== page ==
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Another bend; another ending. I cross into Tawa, which was a separate borough until 1989, when in the words of a former Mayor it was “just tacked on” to Wellington. Topographically, and perhaps in sentiment, it still leans more towards Porirua than to Lambton Harbour. But as the old track changes names from Middleton Road (with the militaristic baggage of its eponymous stockade) to the bucolic cadence of Willowbank Road, on paper I remain in Wellington City.

Approaching tawa

Not exactly suburbia. Millhouses and gorse; rickety bridges; high tension lines. Compounds for the containment of dogs and wayward women. And beside me all the time, that unwholesome botch of raw earth still rearing up across the river. Flaxen mitigation scrabbles across the hard-scraped clay, but the razored horizon evinces unspeakable crimes against the landscape. It’s a battered slope, in every sense; a shallow grave as seen by an ant; a barrow where the entombed is the earth itself.

At the crossroads, a topiaried welcome. The letters T A W A bloom forth in trimmed flora, but this geographical reminder is redundant beside the truncated coniferous cone known as the Bucket Tree, which ranks just below Dressmart in the pantheon of Tawa signifiers. These symbols of fussily-tended domesticity look almost appealing in the weary heat of late summer, but my task is to shadow the highway, so I head east across the river.

I negotiate roundabouts, looking for the track that will take me down to the stream and then on to my planned route. But the monstrous earthworks exert a perverse pull, and I drift across the road and up a stub of a track towards the top of the manufactured mesa. I pass between concrete cubes and enter a forgotten world that goes by the name of Takapu Island.

Ley line reeds

While that might conjure images of a lonely isle lapped by calm waters, its insularity is a symptom of the more hectic currents of modern life. It is a teardrop of land, wrenched from its context by motorways, interchanges and railways. Flattened and pummelled by years of earthworks (of varying degrees of legality), this desert(ed) island resembles one of those “lost world” tablelands that preserves fabled ecosystems. But there are no carnivorous plants or unicorn skulls to be found here, just the familiar edgelands species: pylons, gas pipes, Armco and gravel. Reeds and cracked clay delineate the sites of dried-up ponds; some have the uncanny linearity of ley lines. Thousands of pinecones lie strewn through the resurgent gorsefields, evidence of some forgotten arboreal atrocity. Infant gorse crunches menacingly underfoot, and I muse on the role of gorse as the landowner’s biological weapon against squatters and ramblers: there’s no right to roam in a country where any abandoned land rapidly transforms into an impenetrable mass of thorns.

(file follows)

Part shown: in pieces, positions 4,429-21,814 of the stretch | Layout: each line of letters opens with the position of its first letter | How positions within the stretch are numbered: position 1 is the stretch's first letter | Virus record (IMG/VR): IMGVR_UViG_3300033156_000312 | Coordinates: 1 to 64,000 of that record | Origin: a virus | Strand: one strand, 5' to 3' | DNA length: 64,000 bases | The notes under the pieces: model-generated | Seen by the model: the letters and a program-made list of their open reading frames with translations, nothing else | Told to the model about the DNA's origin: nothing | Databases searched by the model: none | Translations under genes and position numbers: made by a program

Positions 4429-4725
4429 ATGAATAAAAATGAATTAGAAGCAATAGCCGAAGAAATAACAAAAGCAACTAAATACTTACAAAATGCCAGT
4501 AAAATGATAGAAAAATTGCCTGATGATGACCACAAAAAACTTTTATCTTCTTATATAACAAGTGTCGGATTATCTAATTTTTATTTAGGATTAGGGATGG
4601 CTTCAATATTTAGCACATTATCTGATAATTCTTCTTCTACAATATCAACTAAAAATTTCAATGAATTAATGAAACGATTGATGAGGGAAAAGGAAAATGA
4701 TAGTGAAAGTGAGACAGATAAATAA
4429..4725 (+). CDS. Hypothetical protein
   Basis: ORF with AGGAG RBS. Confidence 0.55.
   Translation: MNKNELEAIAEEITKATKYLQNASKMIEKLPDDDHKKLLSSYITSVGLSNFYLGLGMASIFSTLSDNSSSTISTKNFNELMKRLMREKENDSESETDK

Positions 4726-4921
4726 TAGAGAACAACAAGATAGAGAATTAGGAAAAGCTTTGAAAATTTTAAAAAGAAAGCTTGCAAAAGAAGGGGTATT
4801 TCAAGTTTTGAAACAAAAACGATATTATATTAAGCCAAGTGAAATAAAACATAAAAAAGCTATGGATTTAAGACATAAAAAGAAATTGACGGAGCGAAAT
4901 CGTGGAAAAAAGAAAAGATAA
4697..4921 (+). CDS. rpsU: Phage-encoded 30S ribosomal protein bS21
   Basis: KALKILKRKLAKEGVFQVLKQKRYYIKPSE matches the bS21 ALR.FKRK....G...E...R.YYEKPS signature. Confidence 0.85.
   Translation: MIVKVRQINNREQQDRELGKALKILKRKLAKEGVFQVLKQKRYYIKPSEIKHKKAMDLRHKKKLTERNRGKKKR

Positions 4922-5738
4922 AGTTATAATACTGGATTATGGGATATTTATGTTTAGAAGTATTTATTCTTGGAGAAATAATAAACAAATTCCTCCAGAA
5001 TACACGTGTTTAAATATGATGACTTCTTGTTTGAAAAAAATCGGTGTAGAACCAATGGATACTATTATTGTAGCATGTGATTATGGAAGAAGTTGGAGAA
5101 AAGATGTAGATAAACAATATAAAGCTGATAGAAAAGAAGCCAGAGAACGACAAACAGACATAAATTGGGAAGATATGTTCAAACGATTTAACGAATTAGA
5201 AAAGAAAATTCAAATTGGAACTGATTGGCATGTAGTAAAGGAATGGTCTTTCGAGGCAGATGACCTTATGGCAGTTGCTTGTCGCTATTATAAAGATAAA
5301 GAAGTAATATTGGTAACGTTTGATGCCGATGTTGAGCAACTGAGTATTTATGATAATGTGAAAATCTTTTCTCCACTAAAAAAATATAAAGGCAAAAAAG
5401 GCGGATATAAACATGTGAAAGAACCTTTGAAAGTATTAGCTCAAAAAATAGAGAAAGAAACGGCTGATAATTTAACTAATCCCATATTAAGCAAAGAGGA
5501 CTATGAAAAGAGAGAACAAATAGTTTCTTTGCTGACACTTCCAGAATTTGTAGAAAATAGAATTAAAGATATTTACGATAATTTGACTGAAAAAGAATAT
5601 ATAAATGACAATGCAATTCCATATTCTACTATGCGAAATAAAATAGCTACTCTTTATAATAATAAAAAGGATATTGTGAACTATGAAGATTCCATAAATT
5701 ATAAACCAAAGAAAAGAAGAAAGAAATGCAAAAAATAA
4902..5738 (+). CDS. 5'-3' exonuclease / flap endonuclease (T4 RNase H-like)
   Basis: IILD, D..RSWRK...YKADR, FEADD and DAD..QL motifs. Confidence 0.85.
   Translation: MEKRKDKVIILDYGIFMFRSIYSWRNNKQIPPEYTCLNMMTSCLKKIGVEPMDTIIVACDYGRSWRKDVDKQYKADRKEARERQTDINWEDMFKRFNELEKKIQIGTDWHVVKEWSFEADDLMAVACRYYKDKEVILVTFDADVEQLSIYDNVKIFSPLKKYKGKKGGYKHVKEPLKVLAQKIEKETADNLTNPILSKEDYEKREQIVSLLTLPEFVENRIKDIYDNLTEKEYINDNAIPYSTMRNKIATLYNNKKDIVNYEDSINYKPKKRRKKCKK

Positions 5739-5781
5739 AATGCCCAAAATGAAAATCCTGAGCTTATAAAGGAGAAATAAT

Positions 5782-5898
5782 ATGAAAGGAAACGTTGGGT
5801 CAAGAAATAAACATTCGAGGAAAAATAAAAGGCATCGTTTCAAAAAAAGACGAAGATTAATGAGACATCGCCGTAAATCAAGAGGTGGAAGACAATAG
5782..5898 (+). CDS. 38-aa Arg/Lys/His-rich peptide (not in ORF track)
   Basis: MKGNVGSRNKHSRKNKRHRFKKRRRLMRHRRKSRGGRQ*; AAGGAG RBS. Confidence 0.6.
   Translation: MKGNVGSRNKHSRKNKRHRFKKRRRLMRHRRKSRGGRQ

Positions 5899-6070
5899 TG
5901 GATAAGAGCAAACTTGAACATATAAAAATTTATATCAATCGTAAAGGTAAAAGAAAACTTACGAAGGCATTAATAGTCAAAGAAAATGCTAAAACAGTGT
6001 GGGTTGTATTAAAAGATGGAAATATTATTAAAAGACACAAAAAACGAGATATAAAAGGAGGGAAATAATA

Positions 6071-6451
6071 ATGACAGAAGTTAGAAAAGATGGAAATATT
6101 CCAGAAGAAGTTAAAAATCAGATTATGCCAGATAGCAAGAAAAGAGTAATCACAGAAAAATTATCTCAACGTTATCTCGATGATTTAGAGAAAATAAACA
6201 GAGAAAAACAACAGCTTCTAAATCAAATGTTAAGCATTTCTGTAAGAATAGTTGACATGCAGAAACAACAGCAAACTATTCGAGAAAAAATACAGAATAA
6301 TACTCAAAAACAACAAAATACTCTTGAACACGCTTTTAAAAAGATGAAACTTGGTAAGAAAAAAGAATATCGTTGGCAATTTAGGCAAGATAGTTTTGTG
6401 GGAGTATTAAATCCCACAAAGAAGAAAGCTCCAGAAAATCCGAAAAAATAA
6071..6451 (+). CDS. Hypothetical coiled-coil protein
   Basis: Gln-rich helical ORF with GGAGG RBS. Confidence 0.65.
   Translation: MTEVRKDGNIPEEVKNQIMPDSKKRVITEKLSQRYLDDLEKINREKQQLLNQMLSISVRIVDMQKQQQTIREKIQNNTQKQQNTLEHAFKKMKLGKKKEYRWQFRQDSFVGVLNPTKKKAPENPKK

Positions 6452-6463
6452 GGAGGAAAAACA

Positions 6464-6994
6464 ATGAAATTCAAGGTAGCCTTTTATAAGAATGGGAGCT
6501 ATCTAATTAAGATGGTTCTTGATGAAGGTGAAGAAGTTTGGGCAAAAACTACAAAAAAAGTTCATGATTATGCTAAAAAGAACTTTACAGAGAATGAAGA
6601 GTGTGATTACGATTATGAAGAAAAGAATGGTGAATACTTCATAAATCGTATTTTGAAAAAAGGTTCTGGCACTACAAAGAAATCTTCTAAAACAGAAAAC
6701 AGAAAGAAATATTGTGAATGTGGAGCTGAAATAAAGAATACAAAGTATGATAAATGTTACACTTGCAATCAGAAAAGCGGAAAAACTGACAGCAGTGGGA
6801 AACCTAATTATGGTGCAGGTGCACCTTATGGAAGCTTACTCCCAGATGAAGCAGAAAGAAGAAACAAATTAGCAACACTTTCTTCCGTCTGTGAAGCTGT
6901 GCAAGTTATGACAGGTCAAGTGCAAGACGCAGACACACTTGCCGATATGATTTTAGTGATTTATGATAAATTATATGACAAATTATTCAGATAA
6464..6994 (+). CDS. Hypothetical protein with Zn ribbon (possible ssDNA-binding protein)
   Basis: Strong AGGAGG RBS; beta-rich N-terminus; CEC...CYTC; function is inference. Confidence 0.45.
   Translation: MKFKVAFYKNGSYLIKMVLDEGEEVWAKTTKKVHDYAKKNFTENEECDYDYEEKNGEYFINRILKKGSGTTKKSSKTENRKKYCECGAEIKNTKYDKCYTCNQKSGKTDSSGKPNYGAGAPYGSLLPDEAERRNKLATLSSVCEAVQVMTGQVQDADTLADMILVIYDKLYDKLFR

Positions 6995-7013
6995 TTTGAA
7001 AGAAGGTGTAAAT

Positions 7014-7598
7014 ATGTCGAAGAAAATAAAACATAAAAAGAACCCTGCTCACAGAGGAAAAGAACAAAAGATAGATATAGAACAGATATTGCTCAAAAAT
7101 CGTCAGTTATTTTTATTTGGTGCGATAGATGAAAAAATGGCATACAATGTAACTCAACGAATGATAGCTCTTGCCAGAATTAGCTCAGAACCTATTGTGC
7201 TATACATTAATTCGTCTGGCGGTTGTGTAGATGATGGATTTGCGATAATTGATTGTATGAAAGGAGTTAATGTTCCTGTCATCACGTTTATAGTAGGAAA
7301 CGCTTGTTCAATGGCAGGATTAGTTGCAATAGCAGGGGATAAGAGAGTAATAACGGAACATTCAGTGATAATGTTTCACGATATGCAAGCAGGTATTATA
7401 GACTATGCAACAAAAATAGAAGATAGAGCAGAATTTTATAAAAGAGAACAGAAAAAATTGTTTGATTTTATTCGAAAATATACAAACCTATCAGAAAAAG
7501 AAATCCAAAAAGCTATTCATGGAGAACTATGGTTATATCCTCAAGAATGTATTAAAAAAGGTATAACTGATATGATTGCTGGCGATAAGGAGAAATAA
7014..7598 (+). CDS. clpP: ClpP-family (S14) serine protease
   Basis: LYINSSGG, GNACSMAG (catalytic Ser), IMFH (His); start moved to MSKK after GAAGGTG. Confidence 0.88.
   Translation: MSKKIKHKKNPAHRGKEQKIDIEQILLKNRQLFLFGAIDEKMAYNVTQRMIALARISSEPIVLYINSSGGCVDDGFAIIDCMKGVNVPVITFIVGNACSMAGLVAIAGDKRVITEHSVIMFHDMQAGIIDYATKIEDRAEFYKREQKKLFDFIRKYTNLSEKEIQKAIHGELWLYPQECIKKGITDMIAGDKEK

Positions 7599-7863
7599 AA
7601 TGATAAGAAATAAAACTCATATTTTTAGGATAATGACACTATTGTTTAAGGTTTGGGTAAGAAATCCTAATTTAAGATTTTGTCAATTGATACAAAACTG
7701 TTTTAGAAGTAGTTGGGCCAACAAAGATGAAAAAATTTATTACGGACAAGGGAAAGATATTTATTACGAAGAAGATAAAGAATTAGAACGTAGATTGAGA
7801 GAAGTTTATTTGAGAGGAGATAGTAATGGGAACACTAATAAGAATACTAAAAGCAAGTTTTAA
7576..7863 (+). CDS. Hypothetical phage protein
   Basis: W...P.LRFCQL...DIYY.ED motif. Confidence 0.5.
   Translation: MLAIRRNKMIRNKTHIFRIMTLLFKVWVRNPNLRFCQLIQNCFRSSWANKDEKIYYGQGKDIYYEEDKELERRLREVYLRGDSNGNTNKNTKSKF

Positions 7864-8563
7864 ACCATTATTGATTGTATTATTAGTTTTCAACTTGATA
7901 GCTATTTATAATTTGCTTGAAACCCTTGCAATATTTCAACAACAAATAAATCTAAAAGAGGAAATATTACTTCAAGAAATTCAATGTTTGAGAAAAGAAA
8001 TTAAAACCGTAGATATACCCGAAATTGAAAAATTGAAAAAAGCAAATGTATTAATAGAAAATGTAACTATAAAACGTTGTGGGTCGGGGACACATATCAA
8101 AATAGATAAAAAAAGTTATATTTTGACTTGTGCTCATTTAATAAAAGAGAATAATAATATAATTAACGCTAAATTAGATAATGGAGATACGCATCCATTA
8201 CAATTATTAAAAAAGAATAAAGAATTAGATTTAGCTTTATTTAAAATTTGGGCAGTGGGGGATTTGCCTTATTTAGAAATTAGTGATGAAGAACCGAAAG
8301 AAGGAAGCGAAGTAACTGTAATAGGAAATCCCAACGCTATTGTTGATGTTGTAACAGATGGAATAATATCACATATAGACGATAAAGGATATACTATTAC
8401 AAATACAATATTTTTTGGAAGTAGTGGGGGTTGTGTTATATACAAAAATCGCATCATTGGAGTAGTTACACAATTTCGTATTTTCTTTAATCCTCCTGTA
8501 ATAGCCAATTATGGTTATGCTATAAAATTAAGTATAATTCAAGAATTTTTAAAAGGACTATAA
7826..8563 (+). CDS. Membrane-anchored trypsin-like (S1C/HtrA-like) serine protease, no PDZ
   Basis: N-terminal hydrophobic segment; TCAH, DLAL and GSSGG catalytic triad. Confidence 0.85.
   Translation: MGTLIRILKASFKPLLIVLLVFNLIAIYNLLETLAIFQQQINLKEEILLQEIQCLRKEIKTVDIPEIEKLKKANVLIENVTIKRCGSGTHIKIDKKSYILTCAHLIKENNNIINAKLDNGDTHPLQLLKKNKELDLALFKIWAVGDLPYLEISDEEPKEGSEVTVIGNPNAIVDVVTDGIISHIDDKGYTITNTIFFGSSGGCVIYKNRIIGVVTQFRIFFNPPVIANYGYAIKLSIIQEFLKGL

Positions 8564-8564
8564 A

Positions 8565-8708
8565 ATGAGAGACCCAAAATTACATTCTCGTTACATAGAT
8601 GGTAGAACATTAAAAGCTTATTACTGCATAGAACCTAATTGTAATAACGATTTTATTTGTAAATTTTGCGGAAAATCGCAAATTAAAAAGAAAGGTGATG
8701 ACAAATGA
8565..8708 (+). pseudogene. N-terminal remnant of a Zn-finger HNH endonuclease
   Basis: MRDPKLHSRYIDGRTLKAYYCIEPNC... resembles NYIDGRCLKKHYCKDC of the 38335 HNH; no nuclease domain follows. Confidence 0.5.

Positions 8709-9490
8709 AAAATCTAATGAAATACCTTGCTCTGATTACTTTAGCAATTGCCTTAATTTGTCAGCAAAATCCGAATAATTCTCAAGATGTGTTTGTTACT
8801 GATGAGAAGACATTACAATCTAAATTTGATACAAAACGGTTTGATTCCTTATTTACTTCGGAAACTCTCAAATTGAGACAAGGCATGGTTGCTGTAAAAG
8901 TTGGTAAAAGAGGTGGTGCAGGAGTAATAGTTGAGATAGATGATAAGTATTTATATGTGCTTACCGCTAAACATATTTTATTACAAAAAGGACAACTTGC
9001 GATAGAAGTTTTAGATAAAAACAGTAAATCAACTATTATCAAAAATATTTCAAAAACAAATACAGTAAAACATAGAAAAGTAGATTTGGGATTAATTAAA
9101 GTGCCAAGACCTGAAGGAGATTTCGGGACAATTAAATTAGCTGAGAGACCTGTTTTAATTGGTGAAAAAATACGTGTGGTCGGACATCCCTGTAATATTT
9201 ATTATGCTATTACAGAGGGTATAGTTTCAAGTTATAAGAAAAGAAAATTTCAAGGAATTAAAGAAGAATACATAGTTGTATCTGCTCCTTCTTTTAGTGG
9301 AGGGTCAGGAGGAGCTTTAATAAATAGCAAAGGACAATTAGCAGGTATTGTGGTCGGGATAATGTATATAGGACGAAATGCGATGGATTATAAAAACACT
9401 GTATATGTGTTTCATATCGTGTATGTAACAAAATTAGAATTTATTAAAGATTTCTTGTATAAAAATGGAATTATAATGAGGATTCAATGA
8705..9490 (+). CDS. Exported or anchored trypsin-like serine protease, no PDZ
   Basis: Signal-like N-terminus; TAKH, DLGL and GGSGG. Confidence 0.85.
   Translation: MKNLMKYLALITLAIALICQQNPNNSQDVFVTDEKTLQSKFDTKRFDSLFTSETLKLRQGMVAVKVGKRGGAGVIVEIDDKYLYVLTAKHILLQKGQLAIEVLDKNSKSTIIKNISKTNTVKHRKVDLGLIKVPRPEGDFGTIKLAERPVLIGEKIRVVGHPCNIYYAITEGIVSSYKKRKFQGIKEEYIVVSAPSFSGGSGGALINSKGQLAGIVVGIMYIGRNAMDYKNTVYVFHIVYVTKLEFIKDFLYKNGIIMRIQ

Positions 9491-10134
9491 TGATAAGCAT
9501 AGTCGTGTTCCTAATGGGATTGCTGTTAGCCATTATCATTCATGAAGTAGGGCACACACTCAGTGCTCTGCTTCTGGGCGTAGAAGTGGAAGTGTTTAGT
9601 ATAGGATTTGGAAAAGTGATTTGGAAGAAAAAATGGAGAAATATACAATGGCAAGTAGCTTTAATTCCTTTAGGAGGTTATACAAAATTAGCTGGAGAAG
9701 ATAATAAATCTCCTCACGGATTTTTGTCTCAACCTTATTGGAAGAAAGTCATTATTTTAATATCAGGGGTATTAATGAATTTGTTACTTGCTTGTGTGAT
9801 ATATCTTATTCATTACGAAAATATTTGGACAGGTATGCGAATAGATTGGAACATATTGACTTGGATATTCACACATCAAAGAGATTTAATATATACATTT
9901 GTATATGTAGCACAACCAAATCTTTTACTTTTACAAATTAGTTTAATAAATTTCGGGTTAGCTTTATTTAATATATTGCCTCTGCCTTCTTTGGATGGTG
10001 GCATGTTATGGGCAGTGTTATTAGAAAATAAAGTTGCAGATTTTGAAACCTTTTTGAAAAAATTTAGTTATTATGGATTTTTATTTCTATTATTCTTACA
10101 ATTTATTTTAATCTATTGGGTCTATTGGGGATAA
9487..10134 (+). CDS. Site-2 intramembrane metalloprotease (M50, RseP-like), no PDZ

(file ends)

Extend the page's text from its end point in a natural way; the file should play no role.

The pen might be mightier than the sword, but the bulldozer is mightier than my keyboard. Since my excursion the abandonment has ended, and the end game for this defeated land is in sight. A supermarket has sprung from the gorse, its red-slashed roughcast looking less inviting than the curiously domestic form of Arohata prison across the valley. The rest of the island awaits its fate: an asphalt tomb with tilt-slab headstones.

I make a desultory circumnavigation of the island, pausing to savour the roaring proximity of the motorway that defines its eastern shore. Beyond, a tarmac knot of ramps and underpasses, the lazy curves of the interchange defined by the physics of deceleration. Beyond that, Grenada North, with its boxy concrete ramparts; then the long ridgeline of Horokiwi shimmering in the burnt blue heat. A billboard reads “Now in CBD”, and I rather wish I was.

I traipse back down the access road, then east again towards the interchange. Opposite a caged tangle of pipes, I follow a rough track down to the valley. In the relative cool, another intersection: the confluence of the Takapu and Kenepuru streams. This also marks the point where the Korokoro-Porirua track met the Old Porirua Road; a crossroads for hundreds of years. Now it is quiet and still, the din of today’s crossroads lost in the leafiness overhead.

Bosky: the willows of Willowbank

The place exudes an ancient, long-settled feeling, a very un-Wellington sense of deep and calm belonging, rather than the hard-won tenacity of clinging to a hillside in a gale. A benevolent genius loci overlooks this Arcadian vale: homely, and yet for that very reason unhomely to the gust-accustomed. Willowbank Reserve, with its soft lawns and weeping eponyms, is a remnant of the Boscobel orchard, and nearly 150 years later its boskiness remains in the form of rare apple cultivars.

But even that was preceded by Māori cultivation grounds. The confluence of streams became a confluence of paths and then a place to grow crops; today, the confluence of motorised paths still brings people to this crossroads to seek food—though now their pataka is a concrete box and their kete have four wheels. Like the multiple trunks of the Bucket Tree that some say have now fused into a “natural graft”, physical, cultural and economic imperatives coalesce into a living, deeply rooted entity that we call “place”. It’s just that now, we trim it into unnatural shapes.

A track leads through the woods and up the hill. It opens onto a driveway, which opens onto the bulbous cul of a distended sac: Taylor Terrace. I am now in Tawa proper. The suburbs.